The Well - Beloved HTML version

The Renewed Image Burns Itself In
There was nothing to hinder Pierston in calling upon the new Avice's mother as often as
he should choose, beyond the five miles of intervening railway and additional mile or two
of clambering over the heights of the island. Two days later, therefore, he repeated his
journey and knocked about tea-time at the widow's door.
As he had feared, the daughter was not at home. He sat down beside the old sweetheart
who, having eclipsed her mother in past days, had now eclipsed herself in her child.
Jocelyn produced the girl's boot from his pocket.
'Then, 'tis YOU who helped Avice out of her predicament?' said Mrs. Pierston, with
'Yes, my dear friend; and perhaps I shall ask you to help me out of mine before I have
done. But never mind that now. What did she tell you about the adventure?'
Mrs. Pierston was looking thoughtfully upon him. 'Well, 'tis rather strange it should have
been you, sir,' she replied. She seemed to be a good deal interested. 'I thought it might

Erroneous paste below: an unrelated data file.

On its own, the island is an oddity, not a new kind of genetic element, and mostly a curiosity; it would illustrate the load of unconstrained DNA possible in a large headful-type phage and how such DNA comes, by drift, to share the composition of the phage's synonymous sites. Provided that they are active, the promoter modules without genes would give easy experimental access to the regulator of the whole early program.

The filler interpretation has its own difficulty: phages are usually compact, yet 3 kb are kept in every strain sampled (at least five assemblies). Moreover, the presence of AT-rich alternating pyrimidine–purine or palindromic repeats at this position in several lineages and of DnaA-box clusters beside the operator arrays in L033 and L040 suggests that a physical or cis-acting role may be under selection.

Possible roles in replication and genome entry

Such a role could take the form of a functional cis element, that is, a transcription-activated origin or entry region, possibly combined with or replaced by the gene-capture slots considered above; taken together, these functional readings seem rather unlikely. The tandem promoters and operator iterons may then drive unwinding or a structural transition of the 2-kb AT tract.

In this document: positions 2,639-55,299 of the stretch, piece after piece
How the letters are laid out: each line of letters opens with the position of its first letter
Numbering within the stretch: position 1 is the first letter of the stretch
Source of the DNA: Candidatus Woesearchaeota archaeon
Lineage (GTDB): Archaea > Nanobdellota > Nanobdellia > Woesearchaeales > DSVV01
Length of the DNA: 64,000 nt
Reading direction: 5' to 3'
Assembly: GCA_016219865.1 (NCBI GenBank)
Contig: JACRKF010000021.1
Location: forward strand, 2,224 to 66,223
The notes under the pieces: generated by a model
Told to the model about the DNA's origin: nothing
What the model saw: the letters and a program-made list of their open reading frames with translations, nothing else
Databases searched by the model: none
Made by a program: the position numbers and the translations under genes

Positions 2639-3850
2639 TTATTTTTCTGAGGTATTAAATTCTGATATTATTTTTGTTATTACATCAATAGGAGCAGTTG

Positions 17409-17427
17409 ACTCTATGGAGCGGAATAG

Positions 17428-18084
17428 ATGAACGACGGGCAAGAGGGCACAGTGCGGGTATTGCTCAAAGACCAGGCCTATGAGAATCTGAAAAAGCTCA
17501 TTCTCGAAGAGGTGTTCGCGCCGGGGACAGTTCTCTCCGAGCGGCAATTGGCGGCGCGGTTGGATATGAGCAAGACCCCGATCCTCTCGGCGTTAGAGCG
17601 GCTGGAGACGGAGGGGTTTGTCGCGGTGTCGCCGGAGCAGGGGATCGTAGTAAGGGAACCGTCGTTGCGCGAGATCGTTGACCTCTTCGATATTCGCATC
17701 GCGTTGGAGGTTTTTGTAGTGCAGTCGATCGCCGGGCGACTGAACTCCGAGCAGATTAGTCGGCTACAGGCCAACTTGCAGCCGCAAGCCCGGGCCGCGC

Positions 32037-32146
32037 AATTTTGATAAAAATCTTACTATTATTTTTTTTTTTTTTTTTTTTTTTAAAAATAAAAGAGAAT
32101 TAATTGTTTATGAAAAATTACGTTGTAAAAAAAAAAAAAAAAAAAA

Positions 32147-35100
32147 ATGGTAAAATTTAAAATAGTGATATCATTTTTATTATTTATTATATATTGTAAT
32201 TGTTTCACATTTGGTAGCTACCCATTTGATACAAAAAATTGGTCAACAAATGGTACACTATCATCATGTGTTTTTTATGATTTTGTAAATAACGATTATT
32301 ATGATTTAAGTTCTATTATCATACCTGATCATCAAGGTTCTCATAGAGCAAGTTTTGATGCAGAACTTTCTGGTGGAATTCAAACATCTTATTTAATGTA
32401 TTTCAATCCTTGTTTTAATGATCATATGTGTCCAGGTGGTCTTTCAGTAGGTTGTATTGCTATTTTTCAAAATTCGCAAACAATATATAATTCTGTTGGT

have been a younger man--a much younger man.'
'It might have been as far as feelings were concerned. . . . Now, Avice, I'll to the point at
once. Virtually I have known your daughter any number of years. When I talk to her I can
anticipate every turn of her thought, every sentiment, every act, so long did I study those
things in your mother and in you. Therefore I do not require to learn her; she was learnt
by me in her previous existences. Now, don't be shocked: I am willing to marry her--I
should be overjoyed to do it, if there would be nothing preposterous about it, or that
would seem like a man making himself too much of a fool, and so degrading her in
consenting. I can make her comparatively rich, as you know, and I would indulge her
every whim. There is the idea, bluntly put. It would set right something in my mind that
has been wrong for forty years. After my death she would have plenty of freedom and
plenty of means to enjoy it.'
Mrs. Isaac Pierston seemed only a little surprised; certainly not shocked.
'Well, if I didn't think you might be a bit taken with her!' she said with an arch simplicity
which could hardly be called unaffected. 'Knowing the set of your mind, from my little
time with you years ago, nothing you could do in this way would astonish me.'
'But you don't think badly of me for it?'